Boxer’s sweetheart deal with reinstated Indian tribe; Update: The Hill retracts

In 2006, Democrats successfully won back control of Congress by highlighting corruption scandals involving Jack Abramoff, a lobbyist specializing in Indian tribes.  But does one Democrat in particular have a problem of her own with her interventions on behalf of a California tribe that now operates a casino just outside of San Francisco?  Barbara Boxer pushed a bill reinstating a tribe designated as “defunct” by the BIA 40 years earlier.  Rick Manning at The Hill says the deal — and what ensued — would have “made Jack Abramoff blush”:

{Update: Withdrawn by The Hill.  See Update III below.]

Manning also details the hilarious rationalization that allowed Boxer to reinstate a tribe that had disappeared decades earlier, but that’s almost beside the point.   Boxer also exempted the “reservation” from the environmental regulation she imposed on everyone else in order to make sure the casino project moved forward:

Boxer prides herself on being a strong environmentalist, having won endorsements from all the environmentalist groups that count. She blasts Fiorina for supporting offshore oil drilling and embracing Proposition 23, which would suspend California’s climate change law.

There is an inconsistency in Boxer’s otherwise green record. State environmental laws do not apply on Indian reservations. And a casino off Highway 101 abutting Rohnert Park, a city of about 40,000 people, certainly would have an impact. Water supplies are short in Sonoma County, and casino customers would further clog Highway 101, the Redwood Highway.

“This is going to have a profound adverse impact throughout my district,” Assemblyman Jared Huffman, D-San Rafael, told me.

Boxer seemed uncomfortable when asked about the Graton legislation during her stop at the Sacramento Bee last month as she sought the paper’s endorsement.

She has reason to be uncomfortable.

Her son, Oakland attorney Douglas Boxer, became involved in the casino project in 2001, the year after she pushed through the bill granting recognition to the tribe.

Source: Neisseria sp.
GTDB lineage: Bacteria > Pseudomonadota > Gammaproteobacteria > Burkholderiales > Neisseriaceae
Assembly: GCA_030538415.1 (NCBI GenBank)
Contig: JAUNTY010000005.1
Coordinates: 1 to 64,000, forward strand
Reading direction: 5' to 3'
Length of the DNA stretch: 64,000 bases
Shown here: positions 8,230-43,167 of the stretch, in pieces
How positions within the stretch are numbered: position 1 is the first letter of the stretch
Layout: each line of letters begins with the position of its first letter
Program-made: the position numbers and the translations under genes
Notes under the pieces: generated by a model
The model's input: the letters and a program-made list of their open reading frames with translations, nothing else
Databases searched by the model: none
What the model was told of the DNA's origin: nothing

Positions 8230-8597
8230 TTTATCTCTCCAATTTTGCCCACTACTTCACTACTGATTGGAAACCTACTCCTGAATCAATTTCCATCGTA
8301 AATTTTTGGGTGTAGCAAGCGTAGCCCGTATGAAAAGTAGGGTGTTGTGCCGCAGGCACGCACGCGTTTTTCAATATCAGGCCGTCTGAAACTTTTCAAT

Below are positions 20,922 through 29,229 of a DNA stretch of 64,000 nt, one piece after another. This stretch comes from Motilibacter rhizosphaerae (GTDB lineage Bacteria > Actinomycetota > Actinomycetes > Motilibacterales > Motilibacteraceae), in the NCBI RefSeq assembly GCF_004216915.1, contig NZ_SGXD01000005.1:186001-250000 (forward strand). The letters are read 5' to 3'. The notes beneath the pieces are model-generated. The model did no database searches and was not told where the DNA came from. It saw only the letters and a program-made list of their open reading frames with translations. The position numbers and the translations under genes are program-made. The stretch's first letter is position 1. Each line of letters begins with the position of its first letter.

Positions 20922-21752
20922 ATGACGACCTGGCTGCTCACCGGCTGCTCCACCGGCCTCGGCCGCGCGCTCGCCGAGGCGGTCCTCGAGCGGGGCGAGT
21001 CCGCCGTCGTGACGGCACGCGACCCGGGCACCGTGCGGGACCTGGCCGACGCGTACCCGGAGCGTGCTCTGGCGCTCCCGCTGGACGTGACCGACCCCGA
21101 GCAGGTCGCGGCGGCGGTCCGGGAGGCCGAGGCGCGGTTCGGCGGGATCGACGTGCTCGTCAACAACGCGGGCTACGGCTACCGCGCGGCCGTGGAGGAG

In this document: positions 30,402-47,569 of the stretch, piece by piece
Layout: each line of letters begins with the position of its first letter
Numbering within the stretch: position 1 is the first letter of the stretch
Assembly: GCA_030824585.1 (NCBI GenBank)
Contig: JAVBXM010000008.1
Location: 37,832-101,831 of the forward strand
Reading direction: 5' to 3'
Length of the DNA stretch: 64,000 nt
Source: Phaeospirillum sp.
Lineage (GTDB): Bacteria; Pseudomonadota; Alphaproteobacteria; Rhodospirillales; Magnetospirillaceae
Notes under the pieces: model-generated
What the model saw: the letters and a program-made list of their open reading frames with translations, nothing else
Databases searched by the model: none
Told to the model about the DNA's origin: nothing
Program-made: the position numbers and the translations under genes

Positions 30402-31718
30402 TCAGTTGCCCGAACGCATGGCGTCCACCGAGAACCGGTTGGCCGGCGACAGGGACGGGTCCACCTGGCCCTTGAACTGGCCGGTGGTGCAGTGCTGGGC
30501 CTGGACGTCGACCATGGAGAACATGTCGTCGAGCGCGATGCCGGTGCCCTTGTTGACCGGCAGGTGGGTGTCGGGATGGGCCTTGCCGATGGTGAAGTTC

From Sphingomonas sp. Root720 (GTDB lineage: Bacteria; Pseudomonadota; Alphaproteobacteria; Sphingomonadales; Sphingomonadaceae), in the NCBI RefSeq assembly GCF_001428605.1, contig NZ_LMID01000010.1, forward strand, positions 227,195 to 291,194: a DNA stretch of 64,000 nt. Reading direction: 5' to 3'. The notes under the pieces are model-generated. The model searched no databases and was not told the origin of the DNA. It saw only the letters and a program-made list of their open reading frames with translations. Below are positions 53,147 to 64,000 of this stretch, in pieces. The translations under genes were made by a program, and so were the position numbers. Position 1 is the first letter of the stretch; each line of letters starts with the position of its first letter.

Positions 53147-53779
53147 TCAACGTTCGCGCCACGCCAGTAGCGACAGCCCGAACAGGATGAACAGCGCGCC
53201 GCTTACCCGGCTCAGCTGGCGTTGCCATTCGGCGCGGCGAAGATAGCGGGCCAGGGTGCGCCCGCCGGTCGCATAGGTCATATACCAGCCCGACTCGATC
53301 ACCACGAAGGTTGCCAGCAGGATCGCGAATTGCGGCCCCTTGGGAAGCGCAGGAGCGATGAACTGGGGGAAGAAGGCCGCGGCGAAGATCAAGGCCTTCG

In a rather convoluted manner, Boxer said: “I can’t talk about any developments because my son was a lawyer who was part of some consultant that was somehow related to this.”

Boxer sits at the head of the Ethics Committee, which otherwise should be delving deep into this smelly deal.  California voters can take the hygienic and pro-active measure of voting her out of office on Tuesday instead.

Update: As of 8:35 pm tonight, the page seems to have disappeared from The Hill, or at least the story has.  The comments are still up.

Update II: Here’s the Google cache of the story.

Update III: The Hill has determined that their portion of the story has serious factual problems, and was not properly researched.  For instance, Boxer did not change the bill to allow gaming; her version of the bill continued the House prohibition on it.  The source for her son making millions on the deal was not reliable, and Boxer’s camp disputes it.  He also was not a partner at Platinum Advisers, as The Hill reported, and Boxer’s camp disputes that Kenwood Investments 2 had any dealings with the purchase of land in Rohnert Park.  As a result, I have redacted all of the quotes from the original article and edited my own piece to remove references to the piece, as well as deleting the link to the cached version of it.

I have left the Press Democrat article in place; the hypocrisy on enviro law is still relevant.